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  • Josie Tate

Critical NP Resume Mistakes...



Undeniably, a critical aspect of OJT (on the job training) is the J-O-B. You need a job to start the transition from nurse to provider. Backtrack with me for a moment. To be a nurse practitioner, of course you need to be employed by someone whether self-employed or otherwise. And to get a job, you need to nail the interview. And to be considered for the interview, you must submit a killer resume. By that I mean, your resume needs to sparkle and shine.


Let’s review the top 3 mistakes and changes to make in your new grad resume to guarantee callbacks and land interviews from prospective employers.


Mistake #3: Over emphasizing your RN background. I get that our nursing background should play a factor in our resume. But it should be a small component, rather than the main feature of the resume. If you are applying for a specialty position, and had extensive experience as a nurse in that same specialty then your resume should reflect this. However, the big picture is to convey that you would be a good candidate.


Fix: Highlight your clinical rotations and how they relate to the current position. Remember, if you performed or observed a procedure once you have experience. You’re a novice with limited experience but experienced nevertheless. Label your practicum hours as an internship or residency. Include all of your rotations, providing more details to the specialties applicable to the position. If your resume is more than one page, this section needs to be on the front page, preferably towards the top.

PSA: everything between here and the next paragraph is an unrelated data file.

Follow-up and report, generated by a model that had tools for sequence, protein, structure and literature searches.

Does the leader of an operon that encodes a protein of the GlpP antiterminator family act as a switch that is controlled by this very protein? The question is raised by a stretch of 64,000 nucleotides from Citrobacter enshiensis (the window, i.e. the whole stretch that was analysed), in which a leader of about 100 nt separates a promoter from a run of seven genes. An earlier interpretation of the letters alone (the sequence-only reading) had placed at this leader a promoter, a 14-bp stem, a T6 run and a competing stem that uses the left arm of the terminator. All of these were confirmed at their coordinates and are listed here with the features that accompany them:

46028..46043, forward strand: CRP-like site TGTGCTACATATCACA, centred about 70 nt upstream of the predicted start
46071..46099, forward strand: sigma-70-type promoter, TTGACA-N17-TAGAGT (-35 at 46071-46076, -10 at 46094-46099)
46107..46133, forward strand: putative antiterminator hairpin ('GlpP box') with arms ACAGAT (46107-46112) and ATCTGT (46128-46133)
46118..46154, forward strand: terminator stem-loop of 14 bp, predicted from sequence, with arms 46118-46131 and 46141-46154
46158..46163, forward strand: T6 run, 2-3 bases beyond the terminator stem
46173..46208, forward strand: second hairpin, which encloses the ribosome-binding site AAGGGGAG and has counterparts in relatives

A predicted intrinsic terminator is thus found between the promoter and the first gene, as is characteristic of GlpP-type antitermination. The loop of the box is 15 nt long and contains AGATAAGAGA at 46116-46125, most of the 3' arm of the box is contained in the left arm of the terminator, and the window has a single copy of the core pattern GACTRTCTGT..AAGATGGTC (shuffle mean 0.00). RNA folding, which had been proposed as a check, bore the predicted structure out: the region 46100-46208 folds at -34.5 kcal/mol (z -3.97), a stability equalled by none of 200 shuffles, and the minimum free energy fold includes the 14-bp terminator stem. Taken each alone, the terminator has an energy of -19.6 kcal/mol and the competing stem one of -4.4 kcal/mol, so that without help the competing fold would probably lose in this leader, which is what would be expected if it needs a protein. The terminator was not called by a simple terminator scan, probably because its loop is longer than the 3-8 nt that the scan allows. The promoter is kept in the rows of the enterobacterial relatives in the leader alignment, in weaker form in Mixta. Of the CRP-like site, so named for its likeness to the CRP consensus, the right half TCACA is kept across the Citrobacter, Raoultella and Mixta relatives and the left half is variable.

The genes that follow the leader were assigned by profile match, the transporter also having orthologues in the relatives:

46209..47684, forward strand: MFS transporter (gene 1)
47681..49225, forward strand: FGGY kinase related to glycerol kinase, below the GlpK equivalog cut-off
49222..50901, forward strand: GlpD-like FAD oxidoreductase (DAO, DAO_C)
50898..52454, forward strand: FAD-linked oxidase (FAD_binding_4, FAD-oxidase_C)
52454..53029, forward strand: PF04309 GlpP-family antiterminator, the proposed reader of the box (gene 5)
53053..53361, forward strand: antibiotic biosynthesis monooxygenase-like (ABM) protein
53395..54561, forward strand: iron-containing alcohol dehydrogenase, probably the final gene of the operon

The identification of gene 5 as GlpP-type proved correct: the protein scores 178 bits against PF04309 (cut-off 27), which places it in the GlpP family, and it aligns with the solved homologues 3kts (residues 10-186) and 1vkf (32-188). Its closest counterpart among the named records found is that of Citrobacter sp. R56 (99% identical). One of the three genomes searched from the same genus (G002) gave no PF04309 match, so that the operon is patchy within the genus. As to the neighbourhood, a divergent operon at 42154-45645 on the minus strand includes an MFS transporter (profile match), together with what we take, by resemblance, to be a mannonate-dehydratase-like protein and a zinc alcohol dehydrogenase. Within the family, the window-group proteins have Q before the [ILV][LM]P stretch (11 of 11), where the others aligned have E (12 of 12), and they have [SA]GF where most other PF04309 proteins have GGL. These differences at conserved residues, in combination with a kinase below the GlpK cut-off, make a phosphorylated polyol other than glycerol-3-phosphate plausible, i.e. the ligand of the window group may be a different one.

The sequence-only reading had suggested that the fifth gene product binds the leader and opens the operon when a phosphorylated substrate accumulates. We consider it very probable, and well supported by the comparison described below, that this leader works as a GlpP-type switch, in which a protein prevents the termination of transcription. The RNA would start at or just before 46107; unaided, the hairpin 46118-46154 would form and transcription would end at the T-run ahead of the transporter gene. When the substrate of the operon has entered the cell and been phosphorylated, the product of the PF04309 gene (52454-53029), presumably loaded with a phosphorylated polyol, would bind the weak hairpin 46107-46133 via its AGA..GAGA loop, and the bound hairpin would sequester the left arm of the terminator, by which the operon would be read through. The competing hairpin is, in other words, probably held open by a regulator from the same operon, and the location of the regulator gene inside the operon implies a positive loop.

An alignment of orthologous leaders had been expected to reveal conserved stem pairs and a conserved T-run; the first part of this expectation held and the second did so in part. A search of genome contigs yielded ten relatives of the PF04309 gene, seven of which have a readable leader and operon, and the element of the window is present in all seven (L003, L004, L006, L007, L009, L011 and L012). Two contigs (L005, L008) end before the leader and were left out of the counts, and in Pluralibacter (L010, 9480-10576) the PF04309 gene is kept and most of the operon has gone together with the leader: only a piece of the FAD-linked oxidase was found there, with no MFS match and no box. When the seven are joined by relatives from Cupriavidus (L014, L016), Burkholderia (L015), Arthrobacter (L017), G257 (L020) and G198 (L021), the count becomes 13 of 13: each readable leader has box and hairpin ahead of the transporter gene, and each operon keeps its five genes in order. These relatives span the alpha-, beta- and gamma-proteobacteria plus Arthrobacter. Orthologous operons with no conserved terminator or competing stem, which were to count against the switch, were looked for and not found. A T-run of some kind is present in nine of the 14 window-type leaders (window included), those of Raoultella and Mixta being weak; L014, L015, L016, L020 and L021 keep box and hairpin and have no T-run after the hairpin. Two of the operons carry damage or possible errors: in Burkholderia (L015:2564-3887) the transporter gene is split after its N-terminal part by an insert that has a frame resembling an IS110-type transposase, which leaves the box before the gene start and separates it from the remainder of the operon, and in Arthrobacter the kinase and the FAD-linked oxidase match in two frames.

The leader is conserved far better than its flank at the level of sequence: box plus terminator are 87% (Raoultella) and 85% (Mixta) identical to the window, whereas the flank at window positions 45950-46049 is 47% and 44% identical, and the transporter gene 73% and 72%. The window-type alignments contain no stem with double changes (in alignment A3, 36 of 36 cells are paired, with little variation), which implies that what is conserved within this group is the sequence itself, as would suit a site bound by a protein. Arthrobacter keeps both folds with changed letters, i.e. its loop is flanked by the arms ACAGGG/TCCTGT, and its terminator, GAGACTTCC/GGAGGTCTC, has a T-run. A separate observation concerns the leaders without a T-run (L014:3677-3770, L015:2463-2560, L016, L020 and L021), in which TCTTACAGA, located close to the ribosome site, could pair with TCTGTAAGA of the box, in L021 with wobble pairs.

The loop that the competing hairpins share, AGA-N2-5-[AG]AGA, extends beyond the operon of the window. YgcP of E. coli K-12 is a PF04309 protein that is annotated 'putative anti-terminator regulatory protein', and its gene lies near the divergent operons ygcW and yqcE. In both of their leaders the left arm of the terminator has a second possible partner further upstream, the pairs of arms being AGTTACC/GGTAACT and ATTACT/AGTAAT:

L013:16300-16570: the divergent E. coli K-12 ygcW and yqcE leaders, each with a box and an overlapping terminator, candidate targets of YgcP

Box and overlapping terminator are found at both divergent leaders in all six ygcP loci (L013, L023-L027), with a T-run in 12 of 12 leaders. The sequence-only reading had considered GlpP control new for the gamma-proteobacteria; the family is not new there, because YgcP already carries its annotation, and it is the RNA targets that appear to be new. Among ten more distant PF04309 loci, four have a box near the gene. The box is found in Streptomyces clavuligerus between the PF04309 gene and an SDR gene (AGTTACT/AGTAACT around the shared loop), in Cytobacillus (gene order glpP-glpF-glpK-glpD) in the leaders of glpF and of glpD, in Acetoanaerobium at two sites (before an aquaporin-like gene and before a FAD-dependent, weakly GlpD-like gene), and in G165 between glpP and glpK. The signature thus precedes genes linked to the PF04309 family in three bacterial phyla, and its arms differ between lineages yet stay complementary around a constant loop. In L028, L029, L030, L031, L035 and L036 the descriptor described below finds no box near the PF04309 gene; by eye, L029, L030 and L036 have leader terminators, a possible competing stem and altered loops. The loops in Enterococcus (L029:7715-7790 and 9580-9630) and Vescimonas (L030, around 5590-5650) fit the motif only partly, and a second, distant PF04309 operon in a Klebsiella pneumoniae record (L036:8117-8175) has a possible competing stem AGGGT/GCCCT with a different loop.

Mistake #2: Having a poor professional summary. Inherently, we describe our best nursing qualities. While they are good, the prospective employer is looking for what value you will deliver as a provider. I made this very mistake when I initially started applying for jobs. I highlighted that I was good with time management and prioritization. As a provider however, those qualities turn into expectations given your advanced role.


Fix: Adapt your summary to include personal strengths, clinical experience, and proficiencies that will add value. If you're having a hard time generating a mental list of your strengths, take an online quiz or ask a close friend, colleague or family member what you’re good at.


Mistake #1: (drumroll please!!) By far the most common mistake in resume writing is using the same resume for every job application. Your resume becomes mediocre at best with missed opportunities from the recruiter to contact you. Remember, your goal with the resume is to convey your value as a potential candidate.


Fix: Adapt your resume to include keywords from the job requisition. This is actually a very common HR tactic. Many times your resume is filtered and screened prior to even making it to the hiring manager. If your resume mirrors an organization’s needs, you’re getting a callback!


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